Tuesday, March 1, 2011

Fracturing Fairy Tales, Re-Imaginging History

I just finished Sarwat Chadda's Devil's Kiss, the first in his (so far) two book series about Billi San Greal (short for Bilquis), a 15 year old half-Pakistani modern day Knight Templar.

And while I enjoyed the teenage heroine and her demon-fighting ways, what I really enjoyed was Chadda's re-imagining of a historic Christian order that was so closely affiliated with the Crusades. Since the Crusades were a 'holy war' of Christian against Muslim, I found it intriguing that Chadda chose to make his heroine's mother Muslim - an 'infidel' by historic Crusader standards.

Interestingly, Islam plays a relatively small role in Kiss (perhaps conveniently, Billi's mother has died long ago.) But Chaddha does challenge the Christian-centricity of the Knights Templar stories by introducing a Jewish Oracle (or at least, Oracle's helper), some Hindu astrological charts, and explicit discussions about the importance of learning from all sorts of religious traditions - Islam included.

And while some may challenge that this is re-writing, or at least, re-imagining history, I view it in the same way I view Suniti Namjoshi's Feminist Fables or even the mythology and folklore-based writing of Rick Riordan (his Percy Jackson series or more recent Kane Chronicles) or Michael Buckley (his Sister's Grimm series). These books play fast and loose with old stories, yes, but in doing so, bring them modern day relevance and immediacy.

But there's a difference between simply re-imagining stories and re-inventing them to insert characters, voices and experiences more traditionally silenced. Like - to variable extents - Chadda and Namjoshi's books, Malinda Lo's lesbian retelling of the Cinderella story, Ash, creates narrative space in the princess canon for lesbian characters. Similarly, Diana Peterfreund's stories Rampant and Ascendant turn Western virgin-and-unicorn lore almost utterly on their heads, re-inventing virgins as kick-butt warriors and unicorns as killer beasts.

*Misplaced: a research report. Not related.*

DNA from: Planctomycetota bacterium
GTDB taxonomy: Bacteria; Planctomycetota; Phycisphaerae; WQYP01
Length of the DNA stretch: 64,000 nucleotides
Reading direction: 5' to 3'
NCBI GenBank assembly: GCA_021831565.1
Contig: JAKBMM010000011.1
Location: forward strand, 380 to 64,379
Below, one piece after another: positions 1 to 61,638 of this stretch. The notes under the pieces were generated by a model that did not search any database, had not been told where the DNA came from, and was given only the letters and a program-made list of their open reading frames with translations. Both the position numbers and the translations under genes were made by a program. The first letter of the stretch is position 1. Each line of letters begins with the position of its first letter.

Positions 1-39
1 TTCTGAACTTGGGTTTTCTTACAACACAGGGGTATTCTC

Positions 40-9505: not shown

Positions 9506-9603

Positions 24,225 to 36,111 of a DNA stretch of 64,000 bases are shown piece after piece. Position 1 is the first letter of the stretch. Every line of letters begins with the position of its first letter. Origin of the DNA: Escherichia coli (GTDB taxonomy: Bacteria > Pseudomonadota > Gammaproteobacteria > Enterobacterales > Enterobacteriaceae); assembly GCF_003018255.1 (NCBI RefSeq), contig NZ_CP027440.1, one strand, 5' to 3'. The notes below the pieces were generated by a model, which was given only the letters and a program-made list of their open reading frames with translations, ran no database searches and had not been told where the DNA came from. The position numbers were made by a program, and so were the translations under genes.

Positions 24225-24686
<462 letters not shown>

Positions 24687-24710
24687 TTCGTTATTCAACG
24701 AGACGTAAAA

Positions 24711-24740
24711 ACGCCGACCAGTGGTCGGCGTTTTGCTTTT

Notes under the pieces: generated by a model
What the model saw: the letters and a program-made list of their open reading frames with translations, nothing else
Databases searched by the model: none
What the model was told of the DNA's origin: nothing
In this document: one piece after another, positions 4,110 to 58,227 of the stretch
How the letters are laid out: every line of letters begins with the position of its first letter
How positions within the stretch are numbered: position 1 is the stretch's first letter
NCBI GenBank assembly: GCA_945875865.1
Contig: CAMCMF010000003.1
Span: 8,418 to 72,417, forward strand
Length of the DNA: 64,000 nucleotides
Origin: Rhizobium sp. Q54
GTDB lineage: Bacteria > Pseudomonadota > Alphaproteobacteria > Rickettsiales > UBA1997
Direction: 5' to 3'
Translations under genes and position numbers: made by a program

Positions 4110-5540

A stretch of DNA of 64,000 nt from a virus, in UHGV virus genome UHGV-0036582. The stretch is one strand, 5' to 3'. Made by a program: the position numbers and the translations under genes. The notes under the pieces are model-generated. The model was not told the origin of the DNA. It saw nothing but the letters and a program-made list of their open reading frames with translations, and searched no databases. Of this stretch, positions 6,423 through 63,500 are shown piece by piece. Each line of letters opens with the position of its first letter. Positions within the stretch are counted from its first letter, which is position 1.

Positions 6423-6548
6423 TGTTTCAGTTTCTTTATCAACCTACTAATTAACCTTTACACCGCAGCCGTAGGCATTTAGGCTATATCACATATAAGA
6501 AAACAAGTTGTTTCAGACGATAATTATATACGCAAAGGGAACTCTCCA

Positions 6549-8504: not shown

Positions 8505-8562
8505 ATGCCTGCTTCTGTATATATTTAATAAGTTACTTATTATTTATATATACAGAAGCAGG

What other children's or YA books re-invent mythological or folkloric traditions with an eye to inclusion?    


  1. Francesca Lia Block has several offerings that would qualify. Her Rose and the Beast book is a collection of fairy-tale retellings including a drug-addicted sleeping beauty and a little girl running away from the wolf of sexual abuse in her own home.

    She's done a few myths as well, as in Psyche in a Dress and Echo.

    (I loved Ash and eagerly recommended it to anyone and everyone after reading it. I'm thrilled to see you included it in this post.)

  2. Thanks Satia - not familiar with her must look her up!

  3. I think Donna Jo Napoli's re-tellings fit--many of her re-tellings are from the point of view of the "villain," (The Magic Circle, Beast, Spinners, possibly more I'm forgetting) so you get a completely different version of the story. Beast also features a prince from Persia, after he's turned into a lion he winds up in Europe.
    Shannon Hale's graphic novel Rapunzel's Revenge, set in the American west, have Calamity Jack (Jack in the Beanstalk fame) as Rapunzel's friend/possible love interest who is part Native American. He is the main character in the sequel.

  4. Oo thanks de Pizan.. some wonderful suggestions to look up! fantastic!